The good news here is that multiple intervention trials have shown that decreasing carbohydrate intake may help those at significant risk for weight regain to maintain the weight they have lost.12 Again, this would suggest that a calorie isn’t always just a calorie, as the low-carb diets performed better than other types of diets for the purpose of preventing weight regain after loss.What’s more, low-carb diets regularly outperform or perform no worse than low-calorie diets for weight loss, even in studies where calories aren’t intentionally counted or restricted during low-carb eating.13
Video: Doctors answer
Dr. Naiman: Yes, weight loss is all about… No, weight loss is definitely not about calories. And I have a zillion patients who’ve gone on low-calorie diets. And you can lose weight that way and you will immediately regain it. And we have plenty of studies that document this. So weight loss is not all about calories.
Dr. Eenfeldt: Isn’t weight loss all about calories?
Dr. Brukner: Well, so they’ve tried to convince us for the last 30 years. But calories in, calories out has been the philosophy of the 30 years. But, you know, you’re going to tell me that 100 cal from a piece of salmon is exactly the same as 100 cal from candy, or chocolate, or ice cream…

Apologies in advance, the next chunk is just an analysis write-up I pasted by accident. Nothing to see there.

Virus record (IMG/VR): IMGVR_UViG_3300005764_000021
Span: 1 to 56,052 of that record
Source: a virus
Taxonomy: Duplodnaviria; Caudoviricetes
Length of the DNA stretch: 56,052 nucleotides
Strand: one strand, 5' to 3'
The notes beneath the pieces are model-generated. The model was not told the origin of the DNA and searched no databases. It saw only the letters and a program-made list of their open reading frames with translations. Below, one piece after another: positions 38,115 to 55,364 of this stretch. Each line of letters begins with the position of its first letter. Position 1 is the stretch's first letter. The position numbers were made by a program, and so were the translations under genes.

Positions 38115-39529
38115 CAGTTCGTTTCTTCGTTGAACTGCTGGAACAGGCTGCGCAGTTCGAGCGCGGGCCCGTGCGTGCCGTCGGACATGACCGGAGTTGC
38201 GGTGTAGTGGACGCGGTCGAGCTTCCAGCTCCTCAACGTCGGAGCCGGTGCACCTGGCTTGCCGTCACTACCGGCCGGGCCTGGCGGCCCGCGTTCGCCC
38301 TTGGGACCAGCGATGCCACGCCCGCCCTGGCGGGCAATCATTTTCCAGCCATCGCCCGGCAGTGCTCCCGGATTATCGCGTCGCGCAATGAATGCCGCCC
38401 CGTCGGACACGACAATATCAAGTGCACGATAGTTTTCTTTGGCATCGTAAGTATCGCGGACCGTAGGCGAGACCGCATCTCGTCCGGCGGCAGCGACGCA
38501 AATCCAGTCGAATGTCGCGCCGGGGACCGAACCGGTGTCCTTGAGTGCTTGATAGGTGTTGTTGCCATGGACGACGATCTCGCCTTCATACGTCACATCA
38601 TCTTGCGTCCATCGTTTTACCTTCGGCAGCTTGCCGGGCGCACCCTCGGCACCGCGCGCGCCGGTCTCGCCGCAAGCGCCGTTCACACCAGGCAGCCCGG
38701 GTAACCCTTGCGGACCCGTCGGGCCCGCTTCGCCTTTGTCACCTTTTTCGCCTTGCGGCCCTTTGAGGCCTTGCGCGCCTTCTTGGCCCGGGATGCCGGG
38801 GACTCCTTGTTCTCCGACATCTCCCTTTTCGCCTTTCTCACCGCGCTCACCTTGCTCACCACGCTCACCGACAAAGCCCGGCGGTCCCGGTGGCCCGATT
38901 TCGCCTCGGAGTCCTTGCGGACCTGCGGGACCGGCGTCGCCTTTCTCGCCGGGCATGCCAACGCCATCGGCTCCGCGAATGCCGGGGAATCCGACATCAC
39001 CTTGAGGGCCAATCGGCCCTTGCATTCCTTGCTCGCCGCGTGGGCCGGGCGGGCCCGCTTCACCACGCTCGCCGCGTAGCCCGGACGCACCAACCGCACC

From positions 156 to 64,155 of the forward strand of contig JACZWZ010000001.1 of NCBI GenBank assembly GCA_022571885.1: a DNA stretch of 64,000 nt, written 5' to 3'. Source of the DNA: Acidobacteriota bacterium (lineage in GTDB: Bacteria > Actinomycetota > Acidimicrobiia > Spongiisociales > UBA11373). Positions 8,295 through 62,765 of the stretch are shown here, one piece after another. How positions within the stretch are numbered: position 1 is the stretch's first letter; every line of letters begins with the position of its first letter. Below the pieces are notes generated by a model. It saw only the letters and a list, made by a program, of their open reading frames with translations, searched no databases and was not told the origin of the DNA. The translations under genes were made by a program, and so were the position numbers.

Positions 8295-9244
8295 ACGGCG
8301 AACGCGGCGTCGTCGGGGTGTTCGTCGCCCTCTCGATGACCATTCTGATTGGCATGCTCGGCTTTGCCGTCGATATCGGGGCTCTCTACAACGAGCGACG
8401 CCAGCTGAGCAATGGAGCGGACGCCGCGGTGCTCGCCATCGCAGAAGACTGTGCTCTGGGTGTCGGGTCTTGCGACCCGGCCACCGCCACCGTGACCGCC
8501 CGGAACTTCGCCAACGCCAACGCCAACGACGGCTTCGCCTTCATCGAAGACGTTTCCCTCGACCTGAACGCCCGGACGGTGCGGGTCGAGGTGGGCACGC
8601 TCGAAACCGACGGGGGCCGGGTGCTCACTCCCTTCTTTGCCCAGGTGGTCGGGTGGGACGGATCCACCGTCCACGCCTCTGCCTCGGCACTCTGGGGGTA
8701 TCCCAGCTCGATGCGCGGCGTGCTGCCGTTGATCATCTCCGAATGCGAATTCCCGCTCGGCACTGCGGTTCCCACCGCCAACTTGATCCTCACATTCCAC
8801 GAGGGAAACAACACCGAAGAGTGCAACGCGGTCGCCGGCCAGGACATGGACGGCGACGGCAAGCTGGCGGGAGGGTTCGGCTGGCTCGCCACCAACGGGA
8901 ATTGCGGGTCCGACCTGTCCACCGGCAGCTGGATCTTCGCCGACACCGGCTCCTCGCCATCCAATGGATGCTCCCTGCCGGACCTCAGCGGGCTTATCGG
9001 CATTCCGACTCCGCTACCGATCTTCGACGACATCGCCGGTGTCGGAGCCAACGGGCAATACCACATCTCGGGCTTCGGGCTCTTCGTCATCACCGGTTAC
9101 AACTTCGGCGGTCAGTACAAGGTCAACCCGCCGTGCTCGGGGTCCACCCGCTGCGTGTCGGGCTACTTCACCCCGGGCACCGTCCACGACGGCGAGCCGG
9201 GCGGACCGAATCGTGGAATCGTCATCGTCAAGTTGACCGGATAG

I mean that doesn’t make any sense at all, does it? So I mean calories in, calories out has been disproved. I mean there are calories from differences that have markedly different effects. And until we get rid of this whole calories in…
It’s been a disaster, this calories in, calories out. I mean look at the effect. Since we have adopted that philosophy we have worldwide epidemics of obesity, diabetes, fatty liver and so on… It’s been a disaster and the sooner we forget about it… It’s sort of an attractive concept, you know, what you bring in, what you take out… But unfortunately it doesn’t work.
Dr. Eenfeldt: Isn’t weight loss all about calories?
Dr. Westman: Well, I think calories matter. The energy balance equation where we talk about energy in… calories in, calories out isn’t a good construct to help guide people… It’s more complicated than counting the calories on a label, for example.